Debt Interaction Equation
Public Private Debt Interaction
Now that we have gone over the effects of both public debt and private debt on their own, we will now go over the effects the interaction of public debt with private debt. We can see the interaction of public and private debt when the government guarantees debt, which converts the private debt to public debt; mortgages and student loans are some examples of debt guaranteed by the government. Debt interaction reaches dangerous levels when they exceed levels of 137%; according to Ohio State University’s Mehmet Caner, twelve out of the 29 countries, he studied are either at this critical juncture or have exceeded it. The U.S debt interaction stands at 203% during the period of 2009-2014, other offenders include the following: Japan at 543.07%, Ireland at 406.7%, Portugal at 364.61%, Italy at 226.11% and Spain at 203.8% debt interaction.
High levels of debt interaction have reduced GDP growth for the U.S by 0.43%, total debt, both public and private, reduced U.S GDP growth by .83% from 2009-2014. Decreases in public debt can reduce any increases of private debt and vice versa and increases to both will harm growth in the long run.
Public Private Debt Interaction
All in all, the increase in global debt is beginning to put the global economy on a dangerous precipice. The U.S alone has $21 trillion in public debt and $13.51 trillion in private debt and there is $247 trillion in global debt, which is 318% of global GDP. The effects of high debt for consumers includes mental illnesses, such as depression and anxiety, and long-term reduction in GDP, resulting in fewer jobs and less wage growth. The effects of increasing public debt will result in higher taxes and less services for the populace, as debt payments become a larger part of the budget. Even the interaction of public and private debt has negative implications on growth as well.
Caner, Mehmet, et al. “Partners in Debt: An Endogenous Nonlinear Analysis of Interaction of Public and Private Debt on Growth.” SSRN Electronic Journal, 27 May 2018, doi:10.2139/ssrn.3186077.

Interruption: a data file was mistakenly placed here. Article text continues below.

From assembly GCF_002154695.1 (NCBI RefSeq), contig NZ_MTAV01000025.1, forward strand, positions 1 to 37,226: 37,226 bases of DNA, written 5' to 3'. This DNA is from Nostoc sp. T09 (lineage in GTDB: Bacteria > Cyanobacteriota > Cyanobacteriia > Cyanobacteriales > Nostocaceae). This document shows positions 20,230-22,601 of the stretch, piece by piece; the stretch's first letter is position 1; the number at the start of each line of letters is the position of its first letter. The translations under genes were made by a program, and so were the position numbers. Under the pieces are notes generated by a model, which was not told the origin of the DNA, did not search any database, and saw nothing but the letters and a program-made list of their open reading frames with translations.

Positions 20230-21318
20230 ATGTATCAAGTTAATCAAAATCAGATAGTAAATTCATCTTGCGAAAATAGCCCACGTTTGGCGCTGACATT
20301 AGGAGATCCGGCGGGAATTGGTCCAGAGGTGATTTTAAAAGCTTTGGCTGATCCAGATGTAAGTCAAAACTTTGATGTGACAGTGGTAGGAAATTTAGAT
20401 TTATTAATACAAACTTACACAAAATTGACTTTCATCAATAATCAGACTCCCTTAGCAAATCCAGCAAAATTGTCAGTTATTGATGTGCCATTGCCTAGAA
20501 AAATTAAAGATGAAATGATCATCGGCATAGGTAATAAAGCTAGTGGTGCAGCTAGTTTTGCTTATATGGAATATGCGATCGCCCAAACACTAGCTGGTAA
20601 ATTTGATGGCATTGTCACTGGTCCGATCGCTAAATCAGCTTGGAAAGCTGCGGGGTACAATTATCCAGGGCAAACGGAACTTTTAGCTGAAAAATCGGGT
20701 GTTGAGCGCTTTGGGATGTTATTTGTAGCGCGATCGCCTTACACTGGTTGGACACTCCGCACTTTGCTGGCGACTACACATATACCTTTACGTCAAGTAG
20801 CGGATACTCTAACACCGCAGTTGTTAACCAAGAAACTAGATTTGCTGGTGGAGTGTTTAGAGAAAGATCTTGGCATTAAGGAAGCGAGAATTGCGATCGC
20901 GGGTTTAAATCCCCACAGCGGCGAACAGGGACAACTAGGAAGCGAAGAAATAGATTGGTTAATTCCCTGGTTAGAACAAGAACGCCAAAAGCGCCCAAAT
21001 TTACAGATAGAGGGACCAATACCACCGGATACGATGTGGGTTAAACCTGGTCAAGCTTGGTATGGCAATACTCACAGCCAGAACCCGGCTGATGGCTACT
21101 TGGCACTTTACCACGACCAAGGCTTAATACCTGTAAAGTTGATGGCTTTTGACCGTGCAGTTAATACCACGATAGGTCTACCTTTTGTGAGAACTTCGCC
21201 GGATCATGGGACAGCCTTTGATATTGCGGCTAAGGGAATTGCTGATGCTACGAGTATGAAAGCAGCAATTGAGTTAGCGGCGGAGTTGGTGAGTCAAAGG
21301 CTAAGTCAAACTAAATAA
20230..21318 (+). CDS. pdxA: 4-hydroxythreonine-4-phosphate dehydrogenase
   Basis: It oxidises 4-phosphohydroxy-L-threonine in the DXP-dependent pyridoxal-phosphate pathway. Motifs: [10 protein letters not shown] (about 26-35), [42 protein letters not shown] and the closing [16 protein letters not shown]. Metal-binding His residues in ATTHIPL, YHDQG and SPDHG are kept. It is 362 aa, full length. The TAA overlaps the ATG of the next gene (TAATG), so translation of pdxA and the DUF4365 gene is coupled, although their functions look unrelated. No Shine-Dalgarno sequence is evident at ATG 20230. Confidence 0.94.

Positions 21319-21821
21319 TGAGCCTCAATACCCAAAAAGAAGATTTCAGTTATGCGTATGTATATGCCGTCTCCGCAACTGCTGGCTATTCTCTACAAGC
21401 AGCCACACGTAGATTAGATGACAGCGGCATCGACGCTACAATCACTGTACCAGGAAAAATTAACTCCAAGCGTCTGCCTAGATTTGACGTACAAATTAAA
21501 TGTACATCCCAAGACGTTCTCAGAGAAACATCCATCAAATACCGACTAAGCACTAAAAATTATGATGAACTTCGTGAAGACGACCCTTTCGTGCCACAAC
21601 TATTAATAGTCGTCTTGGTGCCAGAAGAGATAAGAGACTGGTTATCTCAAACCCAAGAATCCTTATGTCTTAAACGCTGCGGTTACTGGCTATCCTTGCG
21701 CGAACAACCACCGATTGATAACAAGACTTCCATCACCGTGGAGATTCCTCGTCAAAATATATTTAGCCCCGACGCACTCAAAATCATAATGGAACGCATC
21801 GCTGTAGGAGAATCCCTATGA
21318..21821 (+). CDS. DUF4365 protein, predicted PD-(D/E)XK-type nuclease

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“The Fiscal & Economic Impact of the National Debt.” Peter G. Peterson Foundation, Peter G. Peterson Foundation, 2019, www.pgpf.org/the-fiscal-and-economic-challenge/fiscal-and-economic-impact.
Grabmeier, Jeff. “How the United States Landed in a Debt 'Danger Zone'.” Phys.org - News and Articles on Science and Technology, Phys.org, 21 Aug. 2018, phys.org/news/2018-08-states-debt-danger-zone.html.
“Household Debt Hit a Record High of $13.5 Trillion Last Quarter.” NBCNews.com, NBCUniversal News Group, 26 Nov. 2018, www.nbcnews.com/business/consumer/household-debt-hit-record-high-13-5-trillion-last-quarter-n937216.
Jenkins, Rachel, et al. Recession, Debt and Mental Health: Challenges and Solutions. US National Library of Medicine: National Institutes of Health, 2009, www.ncbi.nlm.nih.gov/pmc/articles/PMC2777607/.Research.
“Government Debt Issues Can Raise Corporate Bond Costs.” Knowledge@Wharton, Wharton School of the University of Pennsylvania, 25 Mar. 2015, knowledge.wharton.upenn.edu/article/the-important-role-of-government-debt-in-shaping-corporate-behavior/.
“Study Finds National Debt 'Tipping Point' That Slows Economic Growth.” Phys.org - News and Articles on Science and Technology, Phys.org, 28 Sept. 2010, phys.org/news/2010-09-national-debt-economic-growth.html#nRlv.
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© 2019 Marcus T Caine